Jesus was born on earth not to constantly perform fantastic miracles, as needed as they were, but to bring redemption of sin to the multitudes.  Soon the prediction the prophet Simeon uttered when Jesus was an infant, was proving true; that Mary as well as Jesus would suffer deep anguish in the future. When Jesus claimed to be the son of God, storm clouds of opposition and rejection gathered over His life.  Mary must have felt personally attacked when she viewed mob hatred escalating toward her son.  Jesus was the subject of intolerance and shame, scorn and disbelief.  Mary paid a tremendous price to bring the Savior into the world; she paid an exorbitant price to stand beneath the cross, witnessing the torment of Jesus’ during his heinous crucifixion.  Mary’s heart must have completely shattered, spilling forth all the treasures she’d pondered over the past thirty-three years of her son’s life.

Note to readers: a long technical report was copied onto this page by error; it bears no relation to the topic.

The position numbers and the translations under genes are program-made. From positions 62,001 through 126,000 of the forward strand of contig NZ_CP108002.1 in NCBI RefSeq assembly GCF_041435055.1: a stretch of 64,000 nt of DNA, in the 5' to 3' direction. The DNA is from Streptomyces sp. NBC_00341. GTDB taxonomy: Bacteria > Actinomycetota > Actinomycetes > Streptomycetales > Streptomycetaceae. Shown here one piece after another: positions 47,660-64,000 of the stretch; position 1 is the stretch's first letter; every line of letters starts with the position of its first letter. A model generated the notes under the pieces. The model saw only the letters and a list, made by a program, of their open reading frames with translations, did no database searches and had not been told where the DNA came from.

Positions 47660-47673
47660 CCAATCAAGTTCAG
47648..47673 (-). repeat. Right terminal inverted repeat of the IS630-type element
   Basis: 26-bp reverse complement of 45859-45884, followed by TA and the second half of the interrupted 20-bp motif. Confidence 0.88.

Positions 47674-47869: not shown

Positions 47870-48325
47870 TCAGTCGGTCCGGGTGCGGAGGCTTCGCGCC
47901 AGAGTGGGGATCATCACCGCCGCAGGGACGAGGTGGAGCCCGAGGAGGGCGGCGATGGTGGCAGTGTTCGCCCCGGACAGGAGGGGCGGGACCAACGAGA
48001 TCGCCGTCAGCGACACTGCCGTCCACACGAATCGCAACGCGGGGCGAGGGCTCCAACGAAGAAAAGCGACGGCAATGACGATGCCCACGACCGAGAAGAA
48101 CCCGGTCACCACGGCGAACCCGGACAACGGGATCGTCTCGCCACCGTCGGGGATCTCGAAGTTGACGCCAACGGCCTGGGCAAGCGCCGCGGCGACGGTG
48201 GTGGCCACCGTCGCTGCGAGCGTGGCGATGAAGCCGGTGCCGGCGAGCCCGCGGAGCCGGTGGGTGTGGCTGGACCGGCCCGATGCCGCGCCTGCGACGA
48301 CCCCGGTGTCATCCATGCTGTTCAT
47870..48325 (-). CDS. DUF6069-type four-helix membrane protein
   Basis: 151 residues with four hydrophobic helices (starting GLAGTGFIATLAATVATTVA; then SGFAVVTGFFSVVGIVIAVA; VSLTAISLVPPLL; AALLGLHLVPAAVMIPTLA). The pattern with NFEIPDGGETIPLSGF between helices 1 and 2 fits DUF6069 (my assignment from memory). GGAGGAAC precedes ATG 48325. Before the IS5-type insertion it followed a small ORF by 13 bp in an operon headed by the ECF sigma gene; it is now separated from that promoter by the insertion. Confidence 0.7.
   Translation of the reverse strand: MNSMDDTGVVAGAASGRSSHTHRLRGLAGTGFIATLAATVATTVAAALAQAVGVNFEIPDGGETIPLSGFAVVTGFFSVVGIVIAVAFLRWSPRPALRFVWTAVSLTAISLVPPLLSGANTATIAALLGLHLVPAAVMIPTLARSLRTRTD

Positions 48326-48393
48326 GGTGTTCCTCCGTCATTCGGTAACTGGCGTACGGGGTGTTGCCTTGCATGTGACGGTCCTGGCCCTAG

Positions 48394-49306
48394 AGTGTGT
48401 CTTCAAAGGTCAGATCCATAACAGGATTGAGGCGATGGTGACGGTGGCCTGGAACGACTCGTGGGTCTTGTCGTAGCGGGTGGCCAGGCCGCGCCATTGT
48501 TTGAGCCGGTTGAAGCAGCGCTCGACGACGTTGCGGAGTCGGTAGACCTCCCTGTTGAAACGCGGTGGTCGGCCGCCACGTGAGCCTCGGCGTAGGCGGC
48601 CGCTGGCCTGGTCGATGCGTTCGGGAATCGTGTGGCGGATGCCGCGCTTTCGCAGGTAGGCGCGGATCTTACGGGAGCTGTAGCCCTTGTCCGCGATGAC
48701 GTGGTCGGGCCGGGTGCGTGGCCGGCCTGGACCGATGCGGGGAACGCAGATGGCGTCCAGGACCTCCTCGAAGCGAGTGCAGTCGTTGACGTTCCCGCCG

As He hung from the cross, Jesus assigned His beloved disciple, John, to care for His mother for the rest of her life.  Then Mary retreated into seclusion with Jesus’ committed followers, where they hid from the Roman authorities, praying for protection and guidance.  Three days later, news arrived that Jesus had risen from the dead.  How Mary rejoiced!  Her son, the Son of God, was alive!  Thanksgiving filled the air.

Are we willing to cling to our beliefs as Mary did, even when the rising tide of public opposition threatens to chip away at our spiritual commitment like granite eroding from the constant battering of surging tides?  Just as the plans for the incarnation of our Savior were flawlessly choreographed in heaven, God loves us so much that His purposes for each of our lives are also perfect.  As we celebrate the birth of our Savior this Christmas season, let us follow Mary’s example, learning to treasure all the Words of God and ponder them in our hearts.

mary_baby_jesus…..

Thank you, Pat, for allowing me to share these precious insights with my readers!

AnnaSmile…..